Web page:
This is one equine activity that can qualify for Agricultural Property Relief.
To quote the Inland Revenue Manual:
‘Stud Farming, which in these paragraphs is taken to mean the occupation of land for the purpose of breeding thoroughbred horses, is a very expensive and high risk activity. In some cases it may be carried on by wealthy individuals essentially as an adjunct to their racing activities. Nevertheless, for tax purposes it is treated as farming and thus – by virtue of ICTA88/S53(1) – as the carrying on of a trade regardless of its commercial viability’
Though this mentions only thoroughbred horses the rule should apply to sports horses provided there is genuine stud activity. But it will be necessary to keep separate anything done in connection with racing activities which will not qualify for relief.
APR will not be available. Business Property Relief may be, but this will depend on the services provided. If all you do is a ‘DIY Livery’ this will probably be regarded as making or holding investments and no relief will be available.
So, if you provide services such as feeding, mucking out, putting out to graze, or arranging veterinary or farriery services you may be able to claim BPR. This is similar to a recent case relating to a grazing agreement for cattle which was not given BPR as grazing was not ‘akin to hotel accommodation for cattle’. So you would need to have a ‘horse hotel’ to claim the BPR.
Where you mix a livery service with a riding school or horse trekking, provided the stable rent is not the main activity you should be able to claim BPR.
This activity has to be classed with other sporting activities such as swimming pools, croquet lawns and tennis courts. There is a link with VAT – and if you have an exempt supply for VAT it is more difficult to claim BPR. A series of lettings is usually an exempt supply.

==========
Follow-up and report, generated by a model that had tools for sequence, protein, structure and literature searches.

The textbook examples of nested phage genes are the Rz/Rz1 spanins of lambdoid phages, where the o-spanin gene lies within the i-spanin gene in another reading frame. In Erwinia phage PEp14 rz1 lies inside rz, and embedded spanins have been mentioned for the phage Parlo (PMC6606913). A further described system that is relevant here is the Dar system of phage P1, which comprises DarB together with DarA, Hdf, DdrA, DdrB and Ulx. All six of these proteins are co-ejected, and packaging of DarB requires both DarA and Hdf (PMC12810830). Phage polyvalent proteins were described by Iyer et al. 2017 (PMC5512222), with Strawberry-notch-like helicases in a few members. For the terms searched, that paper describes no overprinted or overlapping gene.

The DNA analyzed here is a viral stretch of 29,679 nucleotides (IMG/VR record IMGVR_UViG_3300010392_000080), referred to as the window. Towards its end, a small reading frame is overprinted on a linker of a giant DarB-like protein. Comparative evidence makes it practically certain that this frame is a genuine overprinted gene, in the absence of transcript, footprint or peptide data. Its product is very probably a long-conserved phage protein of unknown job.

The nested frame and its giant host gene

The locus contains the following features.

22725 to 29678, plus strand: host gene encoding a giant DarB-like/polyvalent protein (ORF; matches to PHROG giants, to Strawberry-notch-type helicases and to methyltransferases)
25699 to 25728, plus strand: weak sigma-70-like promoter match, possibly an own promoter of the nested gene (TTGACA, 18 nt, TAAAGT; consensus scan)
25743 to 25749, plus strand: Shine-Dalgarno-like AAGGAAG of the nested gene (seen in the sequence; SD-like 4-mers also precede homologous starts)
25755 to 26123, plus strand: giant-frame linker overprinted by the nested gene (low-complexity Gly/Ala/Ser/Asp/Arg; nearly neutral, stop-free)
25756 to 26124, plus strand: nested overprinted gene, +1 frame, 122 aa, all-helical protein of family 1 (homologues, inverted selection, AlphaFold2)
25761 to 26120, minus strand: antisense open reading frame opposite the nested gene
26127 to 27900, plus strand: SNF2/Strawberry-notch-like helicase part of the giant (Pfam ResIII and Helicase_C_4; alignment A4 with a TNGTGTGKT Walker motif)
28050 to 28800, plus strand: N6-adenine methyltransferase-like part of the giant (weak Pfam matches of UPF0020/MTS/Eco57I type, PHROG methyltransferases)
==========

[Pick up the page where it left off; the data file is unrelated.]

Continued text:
There has been a case involving VAT – Polo Farm Sports Club. Lettings took place daily for several hours each day and there was never a whole day between lettings. Though the Revenue argues there was still ‘a day’ between lettings the tribunal disagreed. The polo club won their case and achieved standard rated supply status for VAT. In view of this, it is quite likely that they will be able to claim BPR on their activities however each case will be taken on its merits and will depend on the activity surrounding the letting.
Integrated Farming and Equine Businesses
Following recent judgements in IRC v George(executors of Stedman)  and Farmer (Farmer’s executors) v IRC , it may be possible to claim BPR on let property and your success will depend on the amount of services provided.
Riding Schools, Horse Tourism, Trekking and Riding Holidays
If you offer a wide range of activities and training you should be able to claim BPR. Again the level of services will be paramount.
For those farmers who are looking to diversify into this area the British Horse Society www.bhs.org.uk has a range of places offering riding holidays and some ideas as to the minimum standards required by customers for horse accommodation can be found at Bridle Riders Ltd www.bridlerides.co.uk
Law correct at March 2015